But instead, Joseph is seen delicately removing Jesus from His cross, cleaning off His bloody body, prepping it for burial, and carrying Him to a nearby tomb – a tomb that Matthew states is Joseph’s own property.
He takes his day of preparation and boldly focuses it on his Lord. But he is not alone. Nicodemus also decides to make his adoration for Jesus known by bringing expensive spices to aide in the burial process.
And together, they wrap the body in linen clothes, according to Jewish tradition. This is such a beautiful – yet messy – picture. Here are two random men, doing the difficult work that would normally take many skilled hands. But no one else was present to help.
Yet it was because of their preparations – and bold obedience – that the Lord’s body was also ready for the day of rest. The silence of Saturday – though seemingly despairing – was given a ray of hope because of the complete change in heart that these men expressed.
So then, what was it that changed in the lives of these two? What brought them into such boldness? What enabled them to overcome their fears? Their doubts? Their selfish concerns?
Honestly, I think that it is found in what Matthew records:
“Then Jesus cried again with a loud voice and breathed his last. At that moment, the curtain of the temple was torn in two, from top to bottom…” (27:50-51).
At the exact moment of His death – at the assumed “triumph” of evil – something severe happens: the veil in the temple was torn.
For years, the old covenant reigned.
In this system, a priest would go beyond the veil to make the sacrifice in the presence of the Lord (the ark of the covenant). Before Christ’s death, no one but a priest could do this job.
The separation of God and man was visibly seen when looking at the veil: man as fallen and God as perfect. But in an instance, Christ – being the ultimate priest and sacrifice – died, and the dividing wall was torn.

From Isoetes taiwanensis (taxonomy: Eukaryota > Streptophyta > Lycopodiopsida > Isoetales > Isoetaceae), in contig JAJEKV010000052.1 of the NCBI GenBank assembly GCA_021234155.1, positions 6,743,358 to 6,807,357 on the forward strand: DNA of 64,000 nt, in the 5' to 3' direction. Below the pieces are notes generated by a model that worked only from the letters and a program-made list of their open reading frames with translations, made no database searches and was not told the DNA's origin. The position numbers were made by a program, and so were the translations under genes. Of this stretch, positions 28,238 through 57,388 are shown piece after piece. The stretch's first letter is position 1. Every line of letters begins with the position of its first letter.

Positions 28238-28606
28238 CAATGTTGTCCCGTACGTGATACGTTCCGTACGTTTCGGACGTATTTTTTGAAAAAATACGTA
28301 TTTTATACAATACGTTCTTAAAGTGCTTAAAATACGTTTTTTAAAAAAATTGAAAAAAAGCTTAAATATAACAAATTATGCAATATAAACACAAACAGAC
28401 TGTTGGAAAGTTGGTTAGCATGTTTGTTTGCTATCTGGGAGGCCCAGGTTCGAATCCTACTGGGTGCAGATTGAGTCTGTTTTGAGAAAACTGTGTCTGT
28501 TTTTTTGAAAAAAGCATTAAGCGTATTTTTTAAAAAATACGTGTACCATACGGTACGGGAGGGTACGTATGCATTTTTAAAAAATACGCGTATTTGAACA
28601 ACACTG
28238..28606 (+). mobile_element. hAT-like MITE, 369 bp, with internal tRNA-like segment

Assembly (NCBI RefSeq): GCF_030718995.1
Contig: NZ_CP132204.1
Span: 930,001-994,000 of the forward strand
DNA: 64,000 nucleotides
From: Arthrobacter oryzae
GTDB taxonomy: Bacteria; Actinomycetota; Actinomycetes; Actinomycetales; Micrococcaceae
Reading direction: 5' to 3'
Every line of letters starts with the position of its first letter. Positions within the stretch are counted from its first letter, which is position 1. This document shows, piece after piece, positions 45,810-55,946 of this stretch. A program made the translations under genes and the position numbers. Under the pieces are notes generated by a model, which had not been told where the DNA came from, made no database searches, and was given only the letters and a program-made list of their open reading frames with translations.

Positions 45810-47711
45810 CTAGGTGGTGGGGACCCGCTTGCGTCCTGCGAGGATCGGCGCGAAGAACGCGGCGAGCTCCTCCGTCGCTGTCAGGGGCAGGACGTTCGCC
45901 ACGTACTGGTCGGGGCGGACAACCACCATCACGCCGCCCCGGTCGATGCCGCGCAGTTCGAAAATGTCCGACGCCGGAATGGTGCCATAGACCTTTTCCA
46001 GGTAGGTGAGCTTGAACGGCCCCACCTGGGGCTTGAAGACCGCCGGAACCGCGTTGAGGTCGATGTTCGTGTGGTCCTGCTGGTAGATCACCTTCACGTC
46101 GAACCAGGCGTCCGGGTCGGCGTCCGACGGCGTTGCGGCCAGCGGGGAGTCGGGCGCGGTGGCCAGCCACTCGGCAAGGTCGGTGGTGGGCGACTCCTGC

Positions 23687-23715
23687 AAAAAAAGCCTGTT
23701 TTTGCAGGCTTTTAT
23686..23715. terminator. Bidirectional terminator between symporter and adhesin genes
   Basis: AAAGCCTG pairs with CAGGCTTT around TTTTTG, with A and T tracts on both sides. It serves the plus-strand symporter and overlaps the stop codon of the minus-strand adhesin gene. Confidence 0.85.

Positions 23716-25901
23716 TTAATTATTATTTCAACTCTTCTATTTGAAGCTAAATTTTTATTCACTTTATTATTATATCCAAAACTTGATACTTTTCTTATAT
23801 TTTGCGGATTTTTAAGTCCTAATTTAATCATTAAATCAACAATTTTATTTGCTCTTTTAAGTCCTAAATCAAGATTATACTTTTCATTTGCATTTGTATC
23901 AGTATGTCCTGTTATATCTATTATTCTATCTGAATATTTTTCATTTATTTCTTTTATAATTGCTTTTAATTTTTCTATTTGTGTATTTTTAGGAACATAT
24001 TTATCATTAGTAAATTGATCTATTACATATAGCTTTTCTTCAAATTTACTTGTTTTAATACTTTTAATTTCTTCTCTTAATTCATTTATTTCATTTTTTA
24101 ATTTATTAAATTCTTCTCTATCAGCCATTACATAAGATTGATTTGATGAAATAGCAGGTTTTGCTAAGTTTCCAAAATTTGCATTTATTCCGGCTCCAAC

This means that before Jesus’ resurrection ever took place, there were already hints of His victory. His sacrifice took the separating and isolating power of sin and destroyed it.
Where sin intimidates mankind, shames them in isolation, and binds them with fear, Jesus’ work on the cross began an ultimate reversal. And we see this new freedom already at work in two men who were once known by their fear and isolation.
Jesus’ death gave them courage and boldness – not of themselves – but because sin (and sin’s effects) were torn. Before glory was ever vividly displayed in the resurrection, Jesus was already working gloriously in the unseen.
The Saturday before Easter teaches us that peace was already at work even though “victory” was not yet fully expressed.
It reminds us that even in the silence, God is powerfully at work. And it calls us to live with this same level of boldness and obedience despite our inability to see what victory will soon come.
We all find ourselves in days like Saturday. Where life seems mundane and Jesus seems far. Where failure feels defining and hope appears obsolete. It is in these moments that we must realize that the separating power of sin has been demolished; that Jesus has already given us hints of what will soon become reality. He has already given us a foretaste of glory.
Sunday will come; victory will soon be experienced.
Lord, thank you for Saturday. Thank you for the reminder that regardless of what I feel and what the world around me expresses – You are here. Thank you for already being at work; for giving me glimpses of Your glory. I pray that I can live with boldness today. Give me eyes to see what preparation You are calling me to make. And with courage, I step forward. Amen.
This blog, capturing the importance of the Saturday before Easter, was written by the team at DeclareGlory.com